How does real user monitoring work?4 minutes read
Before answering the question “How does real user monitoring work?” let’s first make sure we have a baseline understanding.
Real User Monitoring and Synthetic Tooling
Broadly speaking, when monitoring or measuring websites there are two types of approaches to take:
- Synthetic Tools
- Real User Monitoring
Synthetic tools will programatically measure aspects of your site. These tools can be set up to run ad-hoc or ongoing depending on your requirements. Real User Monitoring is a mechanism to track the behaviour of, well, real users on your website.
For a deeper look into the differences between the two and the benefits of both approaches, take a look at Real user monitoring vs synthetic web performance tools
In order to gain insight into real user behaviour we need some way of recording the steps they have taken on our website. This might be
- pages they have visited
- time spent on a task (e.g reading or scrolling through a blog)
- interactions on a page (e.g using filters)
- conversions (e.g a purchase)
- bounce/leaving (implicitly recorded when no new information is recorded)
They are often sent with contextual information about the user’s visit. For example:
- Browser type
- Location / IP address
- Language preference
- Page load times
To do this recording we send “beacons” from the users' browser to a server that stores the information. In web terms, beacons are small pieces of information sent back as network requests to servers.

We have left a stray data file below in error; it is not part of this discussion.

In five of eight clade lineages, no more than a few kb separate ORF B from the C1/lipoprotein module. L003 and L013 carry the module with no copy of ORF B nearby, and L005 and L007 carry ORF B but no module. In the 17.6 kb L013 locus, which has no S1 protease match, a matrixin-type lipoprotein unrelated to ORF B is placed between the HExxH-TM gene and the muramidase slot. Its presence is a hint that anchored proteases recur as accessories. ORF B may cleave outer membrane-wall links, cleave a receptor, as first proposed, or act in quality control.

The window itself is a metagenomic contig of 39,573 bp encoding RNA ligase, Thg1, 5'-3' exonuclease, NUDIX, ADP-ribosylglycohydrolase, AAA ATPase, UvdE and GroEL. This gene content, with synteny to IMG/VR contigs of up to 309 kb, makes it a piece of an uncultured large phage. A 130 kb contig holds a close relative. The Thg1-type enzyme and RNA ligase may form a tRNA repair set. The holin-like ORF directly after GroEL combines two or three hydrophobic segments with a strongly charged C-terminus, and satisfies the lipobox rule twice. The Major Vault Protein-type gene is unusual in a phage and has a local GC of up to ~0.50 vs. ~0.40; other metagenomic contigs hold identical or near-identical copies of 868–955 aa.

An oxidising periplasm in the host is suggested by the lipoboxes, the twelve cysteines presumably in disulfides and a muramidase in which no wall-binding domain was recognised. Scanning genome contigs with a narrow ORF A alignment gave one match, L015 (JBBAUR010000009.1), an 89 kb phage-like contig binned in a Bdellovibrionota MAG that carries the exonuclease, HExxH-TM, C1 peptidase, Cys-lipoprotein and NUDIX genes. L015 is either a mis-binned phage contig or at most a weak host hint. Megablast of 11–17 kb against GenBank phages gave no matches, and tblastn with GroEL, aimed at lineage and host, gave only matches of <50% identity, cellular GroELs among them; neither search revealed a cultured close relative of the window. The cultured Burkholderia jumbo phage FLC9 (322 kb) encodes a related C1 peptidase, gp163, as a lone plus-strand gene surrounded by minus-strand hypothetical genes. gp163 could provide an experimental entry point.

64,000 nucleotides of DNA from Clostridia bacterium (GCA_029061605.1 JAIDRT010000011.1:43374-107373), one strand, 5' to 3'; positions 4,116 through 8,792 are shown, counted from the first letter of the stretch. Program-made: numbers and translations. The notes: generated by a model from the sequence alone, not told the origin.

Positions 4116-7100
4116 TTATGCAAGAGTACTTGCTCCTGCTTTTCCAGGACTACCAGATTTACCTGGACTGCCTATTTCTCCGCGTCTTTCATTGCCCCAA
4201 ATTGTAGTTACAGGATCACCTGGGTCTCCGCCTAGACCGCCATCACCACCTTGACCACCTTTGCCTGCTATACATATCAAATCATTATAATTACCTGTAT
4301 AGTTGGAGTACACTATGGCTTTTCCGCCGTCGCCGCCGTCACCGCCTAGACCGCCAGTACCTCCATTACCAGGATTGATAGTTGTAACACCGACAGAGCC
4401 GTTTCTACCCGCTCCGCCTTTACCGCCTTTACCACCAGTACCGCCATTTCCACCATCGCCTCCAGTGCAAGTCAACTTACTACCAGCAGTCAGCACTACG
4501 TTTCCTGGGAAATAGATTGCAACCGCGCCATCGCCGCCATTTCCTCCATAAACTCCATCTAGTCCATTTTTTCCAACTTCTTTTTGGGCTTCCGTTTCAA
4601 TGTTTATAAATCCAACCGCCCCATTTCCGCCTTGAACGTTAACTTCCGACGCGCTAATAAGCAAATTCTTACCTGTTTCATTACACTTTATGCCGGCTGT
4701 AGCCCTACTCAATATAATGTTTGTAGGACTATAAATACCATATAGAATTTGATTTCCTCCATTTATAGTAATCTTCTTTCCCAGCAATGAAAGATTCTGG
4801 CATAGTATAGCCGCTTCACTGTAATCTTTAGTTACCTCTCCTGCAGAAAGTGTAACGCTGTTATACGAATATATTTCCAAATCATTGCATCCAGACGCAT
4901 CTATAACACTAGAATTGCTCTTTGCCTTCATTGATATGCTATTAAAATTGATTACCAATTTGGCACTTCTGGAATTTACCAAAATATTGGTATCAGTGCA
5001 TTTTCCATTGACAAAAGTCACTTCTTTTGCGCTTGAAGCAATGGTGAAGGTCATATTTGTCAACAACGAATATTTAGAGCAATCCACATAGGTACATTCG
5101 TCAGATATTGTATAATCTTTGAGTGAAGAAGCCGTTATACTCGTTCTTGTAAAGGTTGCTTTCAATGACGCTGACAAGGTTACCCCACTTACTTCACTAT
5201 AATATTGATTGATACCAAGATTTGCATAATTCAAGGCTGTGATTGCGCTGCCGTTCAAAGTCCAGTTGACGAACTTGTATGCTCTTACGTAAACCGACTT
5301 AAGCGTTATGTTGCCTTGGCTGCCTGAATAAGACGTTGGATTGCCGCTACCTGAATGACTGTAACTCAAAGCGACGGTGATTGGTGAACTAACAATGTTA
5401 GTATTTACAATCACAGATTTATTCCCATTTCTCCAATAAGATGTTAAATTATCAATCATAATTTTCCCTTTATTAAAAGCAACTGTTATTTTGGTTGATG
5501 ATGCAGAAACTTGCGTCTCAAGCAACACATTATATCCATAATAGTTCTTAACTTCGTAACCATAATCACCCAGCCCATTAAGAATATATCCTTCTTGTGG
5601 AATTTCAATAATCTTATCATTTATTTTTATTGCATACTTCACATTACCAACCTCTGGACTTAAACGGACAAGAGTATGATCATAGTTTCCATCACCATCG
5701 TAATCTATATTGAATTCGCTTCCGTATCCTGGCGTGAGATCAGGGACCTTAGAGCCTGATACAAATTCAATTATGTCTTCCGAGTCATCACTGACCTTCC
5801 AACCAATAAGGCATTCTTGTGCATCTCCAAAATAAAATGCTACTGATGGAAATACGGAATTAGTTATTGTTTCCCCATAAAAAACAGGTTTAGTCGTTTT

History of beacons
Now, you may hear about “beacons” or “tags” when discussing monitoring or tracking users and these two terms are often used interchangeably. That’s ok. Possibly not strictly correct these days, but fine to use.
Historically these beacons we’re actually implemented in the form of HTML image
<img> tags, and instead of returning an actual image, the server would return a tiny invisible 1x1 pixel image. This way a user’s visit to a page could be recorded (when the server received the
img request) and the user experience would be only marginally affected (1 extra network request). Contextual information was either sent implicitly via request headers or explicitly via query params. So a request might look something like
... Accept-Language: en-GB,en-US;q=0.9,en;q=0.8 Cookie: SESSION_ID=fooBar&someValuableInformation=livesHere User-Agent: Mozilla/5.0 (Linux; Android 6.0; Nexus 5 Build/MRA58N) AppleWebKit/537.36 (KHTML, like Gecko) Chrome/89.0.4389.114 Mobile Safari/537.36 ...
##The power of a picture From the example above, we can see that cookie is used to store a SESSION_ID. Essentially this means, when storing the information as it is received on the server, we are able to group the user’s actions and build a complete picture of their activity on the website. Powerful stuff. When this information is aggregated it means we can start to see how users tend to interact with our sites
- What gets used a lot
- What is not so popular
- Where they leave
- Blockers / Things that make them leave
In general the steps are (if you’re not implementing your own solution):
- Do your research to figure out what information you’re wanting
- sign up with 3rd party provider
- automatically start collecting some super valuable information.
Thanks for reading. In terms of our BytesMatter solution, one interesting aspect we focus on is the thresholds of various page load timings at which users start to leave/bounce purely for performance reasons. Give us a try - 1 month zero obligation free trial! We think you’ll like what you see!